||11 million (est.)
Serbia and Montenegro
Bosnia and Herzegovina
- 201,631 (2001) (580,000 in 1991)
- 38,964 (2002)
- 35,939 (2002)
- 22,725 (2002)
- 177,320 (2001)
- 97,315 (2001)
- 55,545 (2001)
- 1,801 (2001)
- 434 (2001)
Predominantly Serbian Orthodox including Atheist, Protestant, Roman Catholic and Muslim minorities.
|Related ethnic groups
- South Slavs
Serbs (in the Serbian language Срби, Srbi) are a south Slavic people living chiefly in Serbia and Montenegro and Bosnia and Herzegovina.
Most Serbs live in the traditional Serbian heartland of Serbia and Montenegro. Large Serb populations also live in Croatia (largely in the entity that during the 1990s constituted the internationally unrecognized Republic of Serbian Krajina) and Bosnia and Herzegovina (where they are a constituent nation), principally in the Republika Srpska, one of the country's two entities. Much smaller Serb minorities also exist in Macedonia, Slovenia, Romania, Albania and Hungary. A lot of Serbs also live in the diaspora, notably in Germany, Austria, Switzerland, USA, Canada and Australia.
The largest urban populations of Serbs in the former Yugoslavia are to be found in Belgrade (1,500,000), Novi Sad about (250,000), Niš (200,000) and Banja Luka in Bosnia (200,000). Abroad, Chicago and the surrounding parts of Illinois has the largest Serb population followed by Toronto and Southern Ontario. Serbs constitute over two thirds of the population of Serbia and Montenegro, about 6,5 million. Another 2 million live in neighbouring countries of the Balkans. The number of Serbs in the diaspora is not known but is estimated to be anywhere from 1,5 to 3,5 million including people of Serbian descent. The total number of Serbs thus ranges anywhere from 10 to 12 million, depending solely on the estimation used for the diaspora.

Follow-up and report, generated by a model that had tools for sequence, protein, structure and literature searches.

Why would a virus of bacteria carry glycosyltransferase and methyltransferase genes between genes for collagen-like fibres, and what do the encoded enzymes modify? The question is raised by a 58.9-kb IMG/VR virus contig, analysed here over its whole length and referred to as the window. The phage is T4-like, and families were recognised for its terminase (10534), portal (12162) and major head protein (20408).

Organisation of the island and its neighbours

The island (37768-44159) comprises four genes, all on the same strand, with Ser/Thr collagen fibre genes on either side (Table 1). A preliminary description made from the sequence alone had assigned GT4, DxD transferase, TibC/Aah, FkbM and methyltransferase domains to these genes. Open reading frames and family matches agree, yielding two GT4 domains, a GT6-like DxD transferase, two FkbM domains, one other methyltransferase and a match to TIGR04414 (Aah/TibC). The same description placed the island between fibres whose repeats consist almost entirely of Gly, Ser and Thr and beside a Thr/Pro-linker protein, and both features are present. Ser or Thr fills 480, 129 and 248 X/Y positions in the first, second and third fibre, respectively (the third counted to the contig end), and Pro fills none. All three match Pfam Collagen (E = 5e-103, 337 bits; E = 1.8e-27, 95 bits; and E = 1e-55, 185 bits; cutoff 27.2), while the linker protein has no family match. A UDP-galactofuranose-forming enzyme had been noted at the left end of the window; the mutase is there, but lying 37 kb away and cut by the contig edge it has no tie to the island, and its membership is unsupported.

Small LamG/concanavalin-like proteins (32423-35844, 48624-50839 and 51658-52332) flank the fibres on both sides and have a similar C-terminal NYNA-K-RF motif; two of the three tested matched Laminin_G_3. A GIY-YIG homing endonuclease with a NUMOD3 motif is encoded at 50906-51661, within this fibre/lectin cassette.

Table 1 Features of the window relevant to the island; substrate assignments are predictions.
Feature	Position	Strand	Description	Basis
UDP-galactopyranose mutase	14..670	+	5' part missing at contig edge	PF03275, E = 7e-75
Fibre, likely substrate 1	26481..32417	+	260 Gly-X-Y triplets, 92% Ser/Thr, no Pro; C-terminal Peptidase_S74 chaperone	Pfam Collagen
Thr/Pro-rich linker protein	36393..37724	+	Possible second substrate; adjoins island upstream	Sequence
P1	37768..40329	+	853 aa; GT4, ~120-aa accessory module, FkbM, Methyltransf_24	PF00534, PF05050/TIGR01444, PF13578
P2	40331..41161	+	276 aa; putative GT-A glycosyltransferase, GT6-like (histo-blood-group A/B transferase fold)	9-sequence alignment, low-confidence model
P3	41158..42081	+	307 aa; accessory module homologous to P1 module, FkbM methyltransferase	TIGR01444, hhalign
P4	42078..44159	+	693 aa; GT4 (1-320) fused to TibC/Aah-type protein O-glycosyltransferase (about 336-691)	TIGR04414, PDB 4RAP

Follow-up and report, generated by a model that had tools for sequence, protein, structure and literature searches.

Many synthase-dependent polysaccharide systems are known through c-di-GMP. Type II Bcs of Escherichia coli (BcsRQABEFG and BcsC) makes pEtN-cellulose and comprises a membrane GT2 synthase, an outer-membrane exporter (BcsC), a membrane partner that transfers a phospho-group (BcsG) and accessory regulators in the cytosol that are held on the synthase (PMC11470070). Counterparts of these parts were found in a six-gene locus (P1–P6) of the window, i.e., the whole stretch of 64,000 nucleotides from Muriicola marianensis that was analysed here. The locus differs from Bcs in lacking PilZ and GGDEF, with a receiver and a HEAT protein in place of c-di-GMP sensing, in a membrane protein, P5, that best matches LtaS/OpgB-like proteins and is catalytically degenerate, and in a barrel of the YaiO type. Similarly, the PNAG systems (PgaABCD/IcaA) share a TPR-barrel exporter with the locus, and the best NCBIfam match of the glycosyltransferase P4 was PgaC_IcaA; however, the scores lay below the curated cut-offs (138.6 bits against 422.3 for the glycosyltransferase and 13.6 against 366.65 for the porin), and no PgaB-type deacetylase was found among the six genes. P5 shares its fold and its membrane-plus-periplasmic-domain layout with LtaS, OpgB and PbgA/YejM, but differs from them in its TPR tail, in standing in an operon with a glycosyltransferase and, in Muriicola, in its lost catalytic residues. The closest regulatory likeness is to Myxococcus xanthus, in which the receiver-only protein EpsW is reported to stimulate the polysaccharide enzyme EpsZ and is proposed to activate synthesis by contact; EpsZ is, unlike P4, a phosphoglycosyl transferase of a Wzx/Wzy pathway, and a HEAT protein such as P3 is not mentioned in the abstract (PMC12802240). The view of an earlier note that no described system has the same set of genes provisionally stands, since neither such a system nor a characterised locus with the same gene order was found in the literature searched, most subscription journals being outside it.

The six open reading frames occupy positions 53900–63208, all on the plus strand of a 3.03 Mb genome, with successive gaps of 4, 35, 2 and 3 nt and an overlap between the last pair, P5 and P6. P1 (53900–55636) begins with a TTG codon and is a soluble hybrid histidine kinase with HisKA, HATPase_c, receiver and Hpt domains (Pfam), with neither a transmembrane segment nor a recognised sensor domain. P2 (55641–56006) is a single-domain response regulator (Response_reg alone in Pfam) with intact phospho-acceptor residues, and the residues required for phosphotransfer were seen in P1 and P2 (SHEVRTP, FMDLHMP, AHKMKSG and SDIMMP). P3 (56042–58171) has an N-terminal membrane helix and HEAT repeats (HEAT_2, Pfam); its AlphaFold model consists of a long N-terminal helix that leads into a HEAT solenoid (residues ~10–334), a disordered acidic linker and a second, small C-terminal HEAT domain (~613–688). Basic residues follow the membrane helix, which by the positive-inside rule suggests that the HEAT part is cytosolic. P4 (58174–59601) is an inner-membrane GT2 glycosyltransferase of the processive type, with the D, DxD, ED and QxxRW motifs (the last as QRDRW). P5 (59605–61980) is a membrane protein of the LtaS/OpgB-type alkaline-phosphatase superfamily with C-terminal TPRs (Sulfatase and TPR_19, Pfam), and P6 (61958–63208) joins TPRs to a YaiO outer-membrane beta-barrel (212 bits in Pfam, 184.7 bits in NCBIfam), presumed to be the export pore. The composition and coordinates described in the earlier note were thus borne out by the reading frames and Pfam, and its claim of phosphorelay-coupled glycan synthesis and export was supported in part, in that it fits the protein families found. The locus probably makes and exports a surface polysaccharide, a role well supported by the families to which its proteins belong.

Contribution to humanity
Serbs have played a prominent role in the development of the arts and sciences. Prominent individuals have included the scientists Nikola Tesla, Mihajlo Pupin, Jovan Cvijic, Milutin Milanković and Mileva Maric (mathematician and Albert Einstein's first wife), Rudjer Boscovich's father was Serb; the actress Mila Jovović (half Serbian, half Russian). In the United States, two Serbs are NBA stars: Vlade Divac and Peja Stojaković.
The mother of the last (Eastern) Roman Emperor Constantine XI Paleologos Dragases was Serbian princess Helene Dragas , and he liked to be known by her Serbian surname of Dragas.
According to the National Enquirer, author Ian Fleming patterned James Bond after Dusko Popov, a Serbian double agent nicknamed Tricycle.
Pyotr Ilyich Tchaikovsky composed Slavonic March (Marche Slave) in 1876 known at first as the “Serbo-Russian March” based on Serbian folk melodies as “Come, my dearest, why so sad this morning?”.
For more famous Serbs, see List of Serbs.
Most Serbs speak the Serbian language, a member of the South Slavic group of languages. While the Serbian identity is to some extent linguistic, apart from the Cyrillic alphabet which they use along with Latin alphabet, the language is very similar to the standard Croatian (see Differences in official languages in Serbia, Croatia and Bosnia) and many linguists consider it part of a common Serbo-Croatian language.
There are several variants of Serbian language. The older forms of Serbian are Old Serbian and Russo-Serbian, a version of the Church Slavonic language).
Some members of the Serbian diaspora do not speak the language (mostly in the US, Canada and UK) but are still considered Serbs by ethnic origin or descent.
Non-Serbs who studied the Serbian language include such prominent individuals as Johann Wolfgang von Goethe and J. R. R. Tolkien; see list of Serbian language speakers, learners, etc.
Most Serbian surnames have the surname suffix -ić (IPA: /itj/, Cyrillic: -ић). This is often transcribed as -ic. Serbian names have before often been transcribed with a phonetic ending, -ich or -itch. This form is often associated with Serbs from before the early 20th century: hence Milutin Milanković is usually referred to, for historical reasons, as Milutin Milankovitch.